The Lumia 640 has been on the market for some time, but its larger (big boned) sister, the XL ‘phablet’ version complete with Windows 8.1 is yet to reach stores. Techworld gets a feel of both devices pre-release.
The smaller Lumia 640 comes in a variety of bold, hard and shiny rear covers. It has a 5” HD display, which is enhanced for viewing in sunlight. It weighs 145g and sits pretty nicely in the hand, although I had some issues with fat finger-typos after moving from my usual Sony Xperia model.
The XL version is, clearly, a bigger piece of tech. It’s worth bearing in mind that the XL essentially does everything a bit better than its predecessor – inside and out. Design-wise it has a 5.7” HD display. I was reviewing a prototype, so I can’t speak for the rear cover. The only struggle is getting the back off, but once you give it a whack it comes off in your hand to fit the SIM card in.
The Lumia 640 has a 2500 mAh battery, compared to 3000 mAh for the XL. You get a days worth of juice when using applications on each, and extensive battery saving settings help extend life even further. Both phones run on a 1.2 GHz quad-core Qualcomm Snapdragon 400 processor, which allows the devices to handle multi-tasking pretty well. Office 365 functioned quickly while I had other apps running in the background, for example.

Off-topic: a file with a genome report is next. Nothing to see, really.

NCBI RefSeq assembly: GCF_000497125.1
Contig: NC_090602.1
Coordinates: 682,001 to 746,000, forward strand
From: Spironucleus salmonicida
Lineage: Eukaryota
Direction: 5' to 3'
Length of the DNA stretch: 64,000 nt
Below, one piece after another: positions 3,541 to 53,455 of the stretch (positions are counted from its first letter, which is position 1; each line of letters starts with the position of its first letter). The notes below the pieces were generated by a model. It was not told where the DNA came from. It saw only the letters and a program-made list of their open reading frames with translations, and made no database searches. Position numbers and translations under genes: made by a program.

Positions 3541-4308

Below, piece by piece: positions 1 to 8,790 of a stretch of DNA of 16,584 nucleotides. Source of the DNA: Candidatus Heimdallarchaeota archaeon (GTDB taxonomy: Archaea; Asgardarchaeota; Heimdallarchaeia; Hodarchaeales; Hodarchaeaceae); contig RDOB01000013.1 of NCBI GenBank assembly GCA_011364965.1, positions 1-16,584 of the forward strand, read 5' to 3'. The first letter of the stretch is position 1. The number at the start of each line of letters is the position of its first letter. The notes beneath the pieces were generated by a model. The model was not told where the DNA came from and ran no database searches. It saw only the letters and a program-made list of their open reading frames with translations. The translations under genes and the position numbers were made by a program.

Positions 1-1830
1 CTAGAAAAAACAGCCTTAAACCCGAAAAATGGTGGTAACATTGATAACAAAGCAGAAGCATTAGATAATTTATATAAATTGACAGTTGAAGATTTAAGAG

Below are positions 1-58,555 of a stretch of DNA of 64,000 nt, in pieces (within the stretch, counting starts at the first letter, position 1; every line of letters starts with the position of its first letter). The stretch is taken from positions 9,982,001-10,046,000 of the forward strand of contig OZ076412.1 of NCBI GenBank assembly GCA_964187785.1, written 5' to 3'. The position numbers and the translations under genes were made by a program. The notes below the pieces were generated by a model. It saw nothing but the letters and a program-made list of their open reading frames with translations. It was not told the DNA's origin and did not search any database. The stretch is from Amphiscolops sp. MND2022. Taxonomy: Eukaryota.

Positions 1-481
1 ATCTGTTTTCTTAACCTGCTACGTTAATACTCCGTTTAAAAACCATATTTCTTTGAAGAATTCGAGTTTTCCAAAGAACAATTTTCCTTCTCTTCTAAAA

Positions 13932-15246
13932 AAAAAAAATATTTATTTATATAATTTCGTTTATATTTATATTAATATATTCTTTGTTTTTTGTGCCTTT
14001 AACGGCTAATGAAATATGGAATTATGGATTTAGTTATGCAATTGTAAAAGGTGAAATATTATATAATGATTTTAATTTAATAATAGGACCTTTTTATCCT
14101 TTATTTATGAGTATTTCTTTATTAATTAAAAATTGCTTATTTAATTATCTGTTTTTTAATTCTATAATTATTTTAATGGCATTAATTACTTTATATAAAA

Pictures were great in both devices. The XL uses a 13 MP, LED flash camera. It’s front facing camera is 5MP – for a really clear selfie should you be so inclined. The Lumia 640 uses a respectable 8MP with a 1MP front-facer.
Here’s where I had issues. I’m a Microsoft fan, and the user interface on both models was pretty intuitive. However, many popular apps aren’t available. Instagram is only in beta version – often rotating your pictures automatically and offering no option to rotate them back around.
If you’re a serial online dater, this phone might not be for you. Tinder and Happn developers have not created a version for Windows 8.1.
Similarly, some news applications and sites aren’t quite optimised for the OS. BBC News often throws up an error page.
Hopefully in time, developers will get on board to boost the choice in the app store. Otherwise, not having my favourite apps is a real flaw for me.
The input from Cortana and a really intuitive interface give the Microsoft OS a thumbs up, but occasional closure of the FM radio app starts to grate. Meanwhile the XL is a brilliant option for someone looking to use their phone in a business scenario like taking HD photos on the go and using Office tools with a large screen. However, a lack of popular apps could stop the device from moving past an enterprise device to one I can’t live without.